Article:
Violence inflicted by an intimate partner lasts longer if the couple has children together, and the violence continues after the relationship ends. In addition, children are harmed more by witnessing violence between their parents than previously thought.
These are among the findings from the doctoral work conducted by Solveig Vatnar, a researcher and psychologist who recently defended her dissertation entitled "An Interactional Perspective on Help-Seeking Women Subject to Intimate Partner Violence" at the University of Oslo.
In her doctoral research, Vatnar interviewed 157 women who survived violence by an intimate partner and who sought help for this reason. The women were recruited from shelters, the police and family counselling agencies. The dissertation consists of four research articles that she co-authored with Professor Stål Bjørkly.
“Our analyses show that violence by an intimate partner lasts longer for women who have children, even when we control for the duration of the couple’s relationship,” explains Vatnar.
In other words, being a mother does not protect a woman from violence. It has no significance for the severity of the violence, the type of injury sustained by the woman, the frequency of the violent episodes or whether the violence is perceived as life-threatening. If the couple has children together, the risk that violent episodes will continue after the break-up also increases.
“This causes difficulties when picking up and delivering the children at schools or in kindergartens, for example. In these situations, the partners often have to meet in person and the violence can then continue,” says Vatnar.
“It’s problematic that we are confident parents will behave civilly again just because their romantic relationship is over. We see this in court decisions, for instance. We are not finished developing a satisfactory support system,” says Vatnar.
Witnessing violence increases risk
Many women who return to their partners, despite being subjected to violence, say that one main reason they do so is for the sake of the children they have together with the father. But Vatnar’s study shows that even if children are not the targets of violence, the fact that they witness violence between their parents puts them at risk for ending up in similar relationships themselves.
“Children who witness physical violence between their parents are at greater risk of repeatedly ending up in violent relationships than if they themselves had been the victims of physical violence by their parents.”
Children can be harmed by witnessing violence between their parents, and they are at higher risk for repeatedly ending up in intimate relationships involving violence. Children can be harmed by witnessing violence between their parents, and they are at higher risk for repeatedly ending up in intimate relationships involving violence.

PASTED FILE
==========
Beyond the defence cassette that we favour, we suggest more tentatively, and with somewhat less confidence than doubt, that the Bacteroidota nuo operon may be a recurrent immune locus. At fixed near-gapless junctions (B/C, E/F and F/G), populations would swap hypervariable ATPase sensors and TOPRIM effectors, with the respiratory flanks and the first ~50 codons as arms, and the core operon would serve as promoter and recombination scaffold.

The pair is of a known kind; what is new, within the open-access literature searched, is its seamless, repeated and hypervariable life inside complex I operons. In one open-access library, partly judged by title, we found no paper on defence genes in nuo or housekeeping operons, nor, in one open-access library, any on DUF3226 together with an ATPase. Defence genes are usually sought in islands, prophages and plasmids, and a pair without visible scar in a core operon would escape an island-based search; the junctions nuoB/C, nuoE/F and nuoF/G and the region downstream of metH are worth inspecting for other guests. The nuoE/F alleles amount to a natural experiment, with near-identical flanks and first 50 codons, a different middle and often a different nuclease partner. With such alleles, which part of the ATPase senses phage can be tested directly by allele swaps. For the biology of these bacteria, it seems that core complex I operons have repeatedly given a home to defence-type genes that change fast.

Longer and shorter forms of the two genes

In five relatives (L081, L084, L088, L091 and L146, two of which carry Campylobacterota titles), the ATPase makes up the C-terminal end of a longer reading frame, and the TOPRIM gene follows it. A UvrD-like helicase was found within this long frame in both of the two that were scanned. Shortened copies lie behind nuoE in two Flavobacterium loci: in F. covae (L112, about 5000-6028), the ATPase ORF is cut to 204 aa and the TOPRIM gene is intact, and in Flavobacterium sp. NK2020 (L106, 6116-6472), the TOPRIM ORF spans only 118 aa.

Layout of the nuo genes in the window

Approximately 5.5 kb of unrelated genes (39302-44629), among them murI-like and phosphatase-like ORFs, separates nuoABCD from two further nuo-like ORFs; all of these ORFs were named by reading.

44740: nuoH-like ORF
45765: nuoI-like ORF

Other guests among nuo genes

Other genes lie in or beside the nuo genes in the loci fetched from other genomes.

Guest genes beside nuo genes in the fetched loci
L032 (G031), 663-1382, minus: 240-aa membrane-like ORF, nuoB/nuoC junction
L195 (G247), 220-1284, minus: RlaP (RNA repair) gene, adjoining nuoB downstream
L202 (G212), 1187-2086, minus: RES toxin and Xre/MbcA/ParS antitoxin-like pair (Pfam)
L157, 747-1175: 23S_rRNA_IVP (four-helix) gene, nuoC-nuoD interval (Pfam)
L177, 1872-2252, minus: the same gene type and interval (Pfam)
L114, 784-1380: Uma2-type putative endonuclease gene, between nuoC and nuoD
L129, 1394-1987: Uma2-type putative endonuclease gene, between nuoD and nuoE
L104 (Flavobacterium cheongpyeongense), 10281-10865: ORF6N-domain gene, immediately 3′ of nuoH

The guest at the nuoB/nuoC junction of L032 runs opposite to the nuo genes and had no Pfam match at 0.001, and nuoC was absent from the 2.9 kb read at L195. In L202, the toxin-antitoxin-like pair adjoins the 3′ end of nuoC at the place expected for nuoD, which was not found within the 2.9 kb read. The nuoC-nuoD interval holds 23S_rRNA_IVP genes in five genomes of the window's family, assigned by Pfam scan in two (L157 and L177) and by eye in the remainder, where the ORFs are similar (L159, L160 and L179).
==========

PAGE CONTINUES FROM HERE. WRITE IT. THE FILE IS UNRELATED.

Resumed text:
Because children are deeply affected by violence between their parents, a better system of protection is required, Vatnar believes.
“In Norway, it is illegal to inflict violence on children, but if it is equally harmful for children to witness violence between their parents, this presents a challenge vis-à-vis the Act relating to children and parents. If our findings are supported by other studies, this should have consequences for how we think about treatment programmes, visitation and care rights, mediation schemes and court practice,” says Vatnar
Incest is a risk factor
Vatnar’s study shows that being subjected to violence within the original family also has a clear effect on the risk of repeatedly ending up in relationships that involve intimate partner violence.
“This is especially true for women who were sexually abused as children by their parents. In this case, we found a 25 times greater risk for repeating this behaviour. This is a very high number, and our finding presents a challenge for the support system. In particular, the professionals providing treatment must pay special attention to this group of women, and the women must be offered a better treatment programme,” explains Vatnar.
“When a woman interrupts her treatment and leaves the crisis centre, for example, the system needs to be more alert if she has been a victim of violence in her original family because the risk for repeating this behaviour is high. The system also needs to be extra alert regarding her children,” she explains.
Vatnar believes it would be beneficial to offer a wider range of services to women who are victims of intimate partner violence, who have children and who have been victims of incest due to the higher risk for becoming involved in similar relationships. By the same token, she believes it may not be helpful to place these women in the same treatment group with women who have not been victims of incest. In this case, there may be a need to differentiate the type of treatment given.
Substance abuse less significant